Deferred Action for Childhood Arrivals (DACA) Update
October 8, 2020
On December 4, 2020, a U.S. District Court judge in the Eastern District of New York ordered that the July 2020 memorandum issued by Chad Wolf be vacated. As of December 7th, 2020 U.S. Citizenship and Immigration Services (USCIS) will begin to:
- Accept first-time requests for consideration
- Accept applications for advance parole documents based on the terms of the DACA policy prior to Sept. 5, 2017
- Automatically extend current one-year permits to two years; and
- Extend one-year employment authorization documents under DACA to two years.
What does this mean for current or former DACA recipients?
Individuals can continue to apply for DACA renewal USCIS will automatically extend DACA permits that were issued a 1-year work permit to 2-years
Can individuals apply for DACA for the first time?
Yes. USCIS is now accepting initial DACA requests from individuals that meet the qualifications.
What are the qualifications for first-time applicants?
- You must have been under the age of 31 as of June 15, 2012;
- Must have arrived to the United States before reaching your 16th birthday;
- Have continuously resided in the United States since June 15, 2007, up to the present time;
- Were physically present in the United States on June 15, 2012, and at the time of making your request for consideration of deferred action with USCIS;
- Had no lawful status on June 15, 2012;
- Are currently in school, have graduated or obtained a certificate of completion from high school, have obtained a general education development (GED) certificate, or are an honorably discharged veteran of the Coast Guard or Armed Forces of the United States; and
- Have not been convicted of a felony, significant misdemeanor,or three or more other misdemeanors, and do not otherwise pose a threat to national security or public safety.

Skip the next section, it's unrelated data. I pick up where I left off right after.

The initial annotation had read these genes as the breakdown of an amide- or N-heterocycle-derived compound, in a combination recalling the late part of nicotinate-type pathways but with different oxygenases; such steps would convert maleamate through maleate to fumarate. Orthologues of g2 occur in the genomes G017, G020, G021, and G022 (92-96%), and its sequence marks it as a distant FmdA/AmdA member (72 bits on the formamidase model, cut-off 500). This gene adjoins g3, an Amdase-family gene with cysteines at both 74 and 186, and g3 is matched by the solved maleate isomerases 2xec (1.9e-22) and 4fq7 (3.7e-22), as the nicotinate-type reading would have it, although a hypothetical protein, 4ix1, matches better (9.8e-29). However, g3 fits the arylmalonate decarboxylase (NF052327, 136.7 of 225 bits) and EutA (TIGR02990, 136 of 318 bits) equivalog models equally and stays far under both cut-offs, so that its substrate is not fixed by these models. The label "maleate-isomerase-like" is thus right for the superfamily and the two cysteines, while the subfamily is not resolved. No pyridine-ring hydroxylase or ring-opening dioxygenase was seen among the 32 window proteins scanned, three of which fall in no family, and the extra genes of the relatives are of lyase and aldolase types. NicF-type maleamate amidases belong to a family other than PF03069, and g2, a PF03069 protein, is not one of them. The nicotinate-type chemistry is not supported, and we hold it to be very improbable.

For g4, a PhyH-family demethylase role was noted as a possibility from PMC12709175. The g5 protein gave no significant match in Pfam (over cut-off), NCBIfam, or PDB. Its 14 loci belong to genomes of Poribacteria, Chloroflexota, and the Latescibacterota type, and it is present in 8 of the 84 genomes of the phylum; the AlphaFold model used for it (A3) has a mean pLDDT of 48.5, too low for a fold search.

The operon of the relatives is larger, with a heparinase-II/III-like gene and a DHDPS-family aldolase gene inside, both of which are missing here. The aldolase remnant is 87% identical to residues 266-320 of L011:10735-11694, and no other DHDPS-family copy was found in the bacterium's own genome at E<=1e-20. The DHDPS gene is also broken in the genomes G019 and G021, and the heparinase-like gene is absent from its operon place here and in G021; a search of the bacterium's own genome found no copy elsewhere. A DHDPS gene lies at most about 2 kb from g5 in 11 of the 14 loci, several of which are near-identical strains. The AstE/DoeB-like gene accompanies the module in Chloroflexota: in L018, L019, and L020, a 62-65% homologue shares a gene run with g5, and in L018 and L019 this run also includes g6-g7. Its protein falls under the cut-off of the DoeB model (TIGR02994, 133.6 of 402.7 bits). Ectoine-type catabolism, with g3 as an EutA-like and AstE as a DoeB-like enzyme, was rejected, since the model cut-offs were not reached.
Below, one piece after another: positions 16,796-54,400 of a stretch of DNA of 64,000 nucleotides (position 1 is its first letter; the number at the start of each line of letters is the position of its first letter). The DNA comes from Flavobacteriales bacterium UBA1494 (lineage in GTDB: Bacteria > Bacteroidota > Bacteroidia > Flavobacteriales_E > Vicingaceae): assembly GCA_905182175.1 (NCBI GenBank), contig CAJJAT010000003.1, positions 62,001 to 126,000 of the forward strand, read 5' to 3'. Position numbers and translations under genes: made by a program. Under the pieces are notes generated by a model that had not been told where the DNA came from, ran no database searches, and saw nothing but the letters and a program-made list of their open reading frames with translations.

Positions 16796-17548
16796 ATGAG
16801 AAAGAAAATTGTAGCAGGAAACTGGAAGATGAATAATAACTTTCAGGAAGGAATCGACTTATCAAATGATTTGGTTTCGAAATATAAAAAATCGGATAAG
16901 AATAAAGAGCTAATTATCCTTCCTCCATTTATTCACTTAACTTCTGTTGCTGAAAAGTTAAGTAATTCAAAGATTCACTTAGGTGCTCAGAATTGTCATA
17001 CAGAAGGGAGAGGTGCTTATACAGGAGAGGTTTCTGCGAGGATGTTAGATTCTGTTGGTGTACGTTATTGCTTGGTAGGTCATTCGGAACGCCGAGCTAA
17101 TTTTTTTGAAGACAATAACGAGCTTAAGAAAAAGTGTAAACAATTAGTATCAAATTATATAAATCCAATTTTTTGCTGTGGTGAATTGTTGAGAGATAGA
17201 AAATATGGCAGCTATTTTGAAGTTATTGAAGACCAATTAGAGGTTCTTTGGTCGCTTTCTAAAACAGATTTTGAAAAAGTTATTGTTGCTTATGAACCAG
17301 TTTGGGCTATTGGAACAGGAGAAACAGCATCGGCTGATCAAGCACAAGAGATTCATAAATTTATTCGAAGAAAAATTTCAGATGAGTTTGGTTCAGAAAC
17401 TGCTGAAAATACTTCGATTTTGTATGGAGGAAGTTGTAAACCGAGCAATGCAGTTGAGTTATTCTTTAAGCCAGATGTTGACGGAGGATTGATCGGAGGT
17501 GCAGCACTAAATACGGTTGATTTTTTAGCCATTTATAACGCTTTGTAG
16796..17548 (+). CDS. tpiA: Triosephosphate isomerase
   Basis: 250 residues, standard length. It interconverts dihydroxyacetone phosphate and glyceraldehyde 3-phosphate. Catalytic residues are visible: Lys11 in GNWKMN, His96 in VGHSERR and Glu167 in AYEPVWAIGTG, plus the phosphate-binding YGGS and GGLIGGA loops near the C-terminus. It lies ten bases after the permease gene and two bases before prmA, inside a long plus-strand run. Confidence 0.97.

Where can I receive help to renew my DACA or to apply for the first time?
Talk to a lawyer or an accredited representative to get individualized advice about your case.
SJSU students, staff, faculty, and their immediate family members can schedule a FREE appointment with an immigration attorney from Immigrant Legal Defence (ILD) to receive free legal help with their DACA application.Visit our Legal Support page to sign up for an appointment. You can access more information about community organizations accross California that also provide free or low cost services to the general public. Click here for more info.
About Advanced Parole
Under the current guidelines, DACA recipients are allowed to travel abroad if they are approved for Advance Parole. Advance Parole applications are currently limited to DACA recipients who need to travel for “exceptional circumstances” such as:
- Humanitarian - Example: Travel to obtain life-sustaining medical treatment that is not otherwise available in the U.S., attend funeral services for a family member, or visit a sick or elderly relative.
- Educational - Example: semester abroad programs or academic research
- Employment - Example- overseas assignments, interviews, conferences, training, or meetings for work.
USCIS determines whether or not to grant advance parole to an individual on a case-by-case basis. Additionally, advanced parole does not guarantee re-entry to the united states. Make sure to meet with an immigration attorney to learn more about your situation and to create a plan before making any travel arrangements.
CAUTION: DACA applicants SHOULD NOT travel outside the U.S. until after their DACA request has been approved. DACA recipients that travel outside the U.S on or after Aug. 15, 2012, without advance parole, will have their deferred action terminated.
- Consideration of Deferred Action for Childhood Arrivals (USCIS Home Page)
- DACA Initial Document Checklist ENGLISH, (SPANISH) (Immigrant Legal Defense)
- Preliminary DACA Screening Tool (UC Immigrant Legal Services Center)
- Advance Parole for DACA Recipients (Immigrant Legal Resource Center)
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